Tagged: theism

An Excerpt From My New Book

It is useful to note that even if Plantinga or any Christian rejects the contra-argument, the first premise can be challenged. Rather than quibble with what is meant by maximal excellence, an atheist can accept the definition as it stands. The atheist can, however, question whether this is possible world W in where a being of maximal excellence exists and explore the consequences if it turns out that this isn’t that possible world. In other words, if this isn’t that specific possible world, then the argument is speaking of a possible world that is inaccessible to the believer and the believer is therefore in no better position to convince the non-believer. Put another way, if a being of maximal excellence doesn’t exist in this possible world, then it possibly exists in another world that cannot be accessed by any of the inhabitants in this world. There is therefore no utility or pragmatic value in belief. The argument would only speak of a logical possibility that is ontologically impossible in this world.

The atheist can take it a step further. What Christian theists purport to know about god stems from the Bible. The Bible, in other words, gives us information about god, his character, and his history as it relates to this world. Assuming this is possible world W, does he represent a being having maximal excellence? Is he, for instance, identical to a being who is wholly good? Any honest consideration of parts of the Bible would lead one to conclude that god is not identical to a being who is wholly good; god, in other words, isn’t wholly good. So obvious is his evil that Marcion of Sinope diverged from proto-Orthodox Christians in concluding that the Jewish God in the Old Testament is an evil deity and is in no way the father of Jesus. Yet if he’s evil, then he isn’t wholly good and if he isn’t wholly good, he fails to have maximal excellence.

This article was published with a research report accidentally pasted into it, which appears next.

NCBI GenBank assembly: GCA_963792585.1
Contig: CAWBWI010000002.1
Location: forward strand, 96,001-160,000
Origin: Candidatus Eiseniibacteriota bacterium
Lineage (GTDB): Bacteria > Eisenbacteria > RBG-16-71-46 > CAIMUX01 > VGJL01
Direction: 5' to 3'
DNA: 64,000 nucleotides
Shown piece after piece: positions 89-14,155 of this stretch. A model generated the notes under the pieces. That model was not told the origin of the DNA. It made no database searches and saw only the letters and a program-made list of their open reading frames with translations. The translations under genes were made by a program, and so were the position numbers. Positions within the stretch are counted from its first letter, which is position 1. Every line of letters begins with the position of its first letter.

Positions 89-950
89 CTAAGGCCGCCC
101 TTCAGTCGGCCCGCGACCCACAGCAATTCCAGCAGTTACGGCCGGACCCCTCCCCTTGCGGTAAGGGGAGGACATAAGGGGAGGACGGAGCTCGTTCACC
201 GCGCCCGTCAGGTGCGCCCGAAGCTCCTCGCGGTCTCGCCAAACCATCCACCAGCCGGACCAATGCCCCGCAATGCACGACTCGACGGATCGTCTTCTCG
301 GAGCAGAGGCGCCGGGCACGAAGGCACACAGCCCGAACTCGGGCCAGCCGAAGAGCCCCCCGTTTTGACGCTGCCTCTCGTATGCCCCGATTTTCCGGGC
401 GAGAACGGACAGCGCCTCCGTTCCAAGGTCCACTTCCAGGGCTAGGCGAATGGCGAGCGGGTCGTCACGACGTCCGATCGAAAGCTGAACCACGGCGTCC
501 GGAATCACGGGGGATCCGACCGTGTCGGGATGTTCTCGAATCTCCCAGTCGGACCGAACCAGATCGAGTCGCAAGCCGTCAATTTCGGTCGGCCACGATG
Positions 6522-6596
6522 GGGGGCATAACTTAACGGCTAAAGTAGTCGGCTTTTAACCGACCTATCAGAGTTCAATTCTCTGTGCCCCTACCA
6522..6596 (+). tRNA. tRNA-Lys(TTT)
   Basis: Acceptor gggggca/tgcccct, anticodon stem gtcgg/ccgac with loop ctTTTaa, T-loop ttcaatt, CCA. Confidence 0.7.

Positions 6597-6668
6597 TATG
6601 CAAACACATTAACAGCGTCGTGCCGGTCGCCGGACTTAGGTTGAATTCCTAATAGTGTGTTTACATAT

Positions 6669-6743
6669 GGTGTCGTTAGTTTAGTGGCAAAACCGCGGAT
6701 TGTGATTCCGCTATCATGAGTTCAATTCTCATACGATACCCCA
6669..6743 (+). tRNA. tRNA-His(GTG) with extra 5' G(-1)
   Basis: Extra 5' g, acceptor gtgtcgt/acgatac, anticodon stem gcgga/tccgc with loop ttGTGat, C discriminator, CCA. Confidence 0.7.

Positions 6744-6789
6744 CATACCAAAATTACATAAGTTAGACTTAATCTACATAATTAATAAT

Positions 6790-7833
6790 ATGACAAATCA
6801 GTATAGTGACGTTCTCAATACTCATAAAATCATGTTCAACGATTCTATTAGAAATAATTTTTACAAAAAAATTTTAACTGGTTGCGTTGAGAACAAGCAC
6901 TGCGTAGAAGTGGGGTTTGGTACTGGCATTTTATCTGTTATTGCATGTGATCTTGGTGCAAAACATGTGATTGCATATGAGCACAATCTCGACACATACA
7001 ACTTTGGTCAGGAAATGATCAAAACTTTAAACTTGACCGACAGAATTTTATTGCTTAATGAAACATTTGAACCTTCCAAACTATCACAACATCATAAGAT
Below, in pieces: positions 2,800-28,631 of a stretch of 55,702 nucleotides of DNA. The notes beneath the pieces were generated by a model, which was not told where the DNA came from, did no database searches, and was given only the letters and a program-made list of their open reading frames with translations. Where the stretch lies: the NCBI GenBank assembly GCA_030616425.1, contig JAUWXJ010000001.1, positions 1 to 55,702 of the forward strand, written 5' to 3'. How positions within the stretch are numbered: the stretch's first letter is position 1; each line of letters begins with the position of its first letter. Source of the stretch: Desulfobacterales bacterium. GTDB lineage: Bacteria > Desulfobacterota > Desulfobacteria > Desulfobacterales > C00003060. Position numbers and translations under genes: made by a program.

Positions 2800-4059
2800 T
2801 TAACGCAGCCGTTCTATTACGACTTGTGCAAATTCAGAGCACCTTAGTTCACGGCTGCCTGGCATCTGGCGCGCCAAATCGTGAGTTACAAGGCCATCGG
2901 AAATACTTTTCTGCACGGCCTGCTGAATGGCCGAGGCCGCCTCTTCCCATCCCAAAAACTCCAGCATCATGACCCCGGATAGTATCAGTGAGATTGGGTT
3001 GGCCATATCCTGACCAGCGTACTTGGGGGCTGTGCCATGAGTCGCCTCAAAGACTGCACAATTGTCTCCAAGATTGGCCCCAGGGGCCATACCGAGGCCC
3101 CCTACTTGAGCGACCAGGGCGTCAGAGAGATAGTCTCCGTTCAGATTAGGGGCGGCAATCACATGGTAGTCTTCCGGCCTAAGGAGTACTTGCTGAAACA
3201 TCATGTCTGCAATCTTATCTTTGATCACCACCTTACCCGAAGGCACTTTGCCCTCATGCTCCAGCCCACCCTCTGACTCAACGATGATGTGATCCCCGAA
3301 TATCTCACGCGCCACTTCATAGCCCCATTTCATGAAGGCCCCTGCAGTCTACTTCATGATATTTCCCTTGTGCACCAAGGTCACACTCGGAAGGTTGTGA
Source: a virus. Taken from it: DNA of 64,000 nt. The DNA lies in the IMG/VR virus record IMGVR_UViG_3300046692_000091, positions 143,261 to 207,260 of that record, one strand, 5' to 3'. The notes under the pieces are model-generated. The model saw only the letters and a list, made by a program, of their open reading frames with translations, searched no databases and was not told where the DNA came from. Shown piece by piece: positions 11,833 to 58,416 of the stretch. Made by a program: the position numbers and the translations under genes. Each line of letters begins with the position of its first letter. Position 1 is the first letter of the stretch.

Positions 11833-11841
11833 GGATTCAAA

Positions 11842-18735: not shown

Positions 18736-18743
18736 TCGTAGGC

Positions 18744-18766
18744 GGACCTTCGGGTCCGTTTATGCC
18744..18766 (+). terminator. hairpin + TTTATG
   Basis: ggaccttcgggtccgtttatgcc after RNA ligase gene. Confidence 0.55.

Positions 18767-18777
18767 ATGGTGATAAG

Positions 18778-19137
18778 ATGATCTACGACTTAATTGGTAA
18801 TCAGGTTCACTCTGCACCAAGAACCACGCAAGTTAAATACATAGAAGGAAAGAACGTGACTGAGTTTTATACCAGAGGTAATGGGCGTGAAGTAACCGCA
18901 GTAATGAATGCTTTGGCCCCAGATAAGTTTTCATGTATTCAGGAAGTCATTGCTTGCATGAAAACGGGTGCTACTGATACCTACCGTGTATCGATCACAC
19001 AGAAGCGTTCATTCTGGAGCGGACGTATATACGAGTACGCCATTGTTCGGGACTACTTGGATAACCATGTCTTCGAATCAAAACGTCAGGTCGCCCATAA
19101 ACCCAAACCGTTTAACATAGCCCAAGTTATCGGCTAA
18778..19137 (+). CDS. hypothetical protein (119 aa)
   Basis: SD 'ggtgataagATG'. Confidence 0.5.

Moreover, and much more damning to Plantinga’s argument, is that a being of maximal greatness has maximal excellence in all worlds. Therefore, if this being does not have maximal excellence in one of those worlds or more specifically, in this world, then it does not possess maximal greatness. Far from victorious, Plantinga’s argument would taste irreparable defeat and this, in more ways than one.

R.N. Carmona Philosophical Atheism: Counter Apologetics and Arguments For Atheism

Print is Now Live on Amazon.com!

Book is now available for purchase here! Here are the Table of Contents to whet the appetite:

Introduction

Chapter 1: Philosophical Approaches to Atheism

Chapter 2: Refuting the Kalam Cosmological Argument

Chapter 3: The Moral Argument Refuted

Chapter 4: Refuting Plantinga’s Victorious Ontological Argument

Chapter 5: On Qualia and A Refutation of the Argument from Consciousness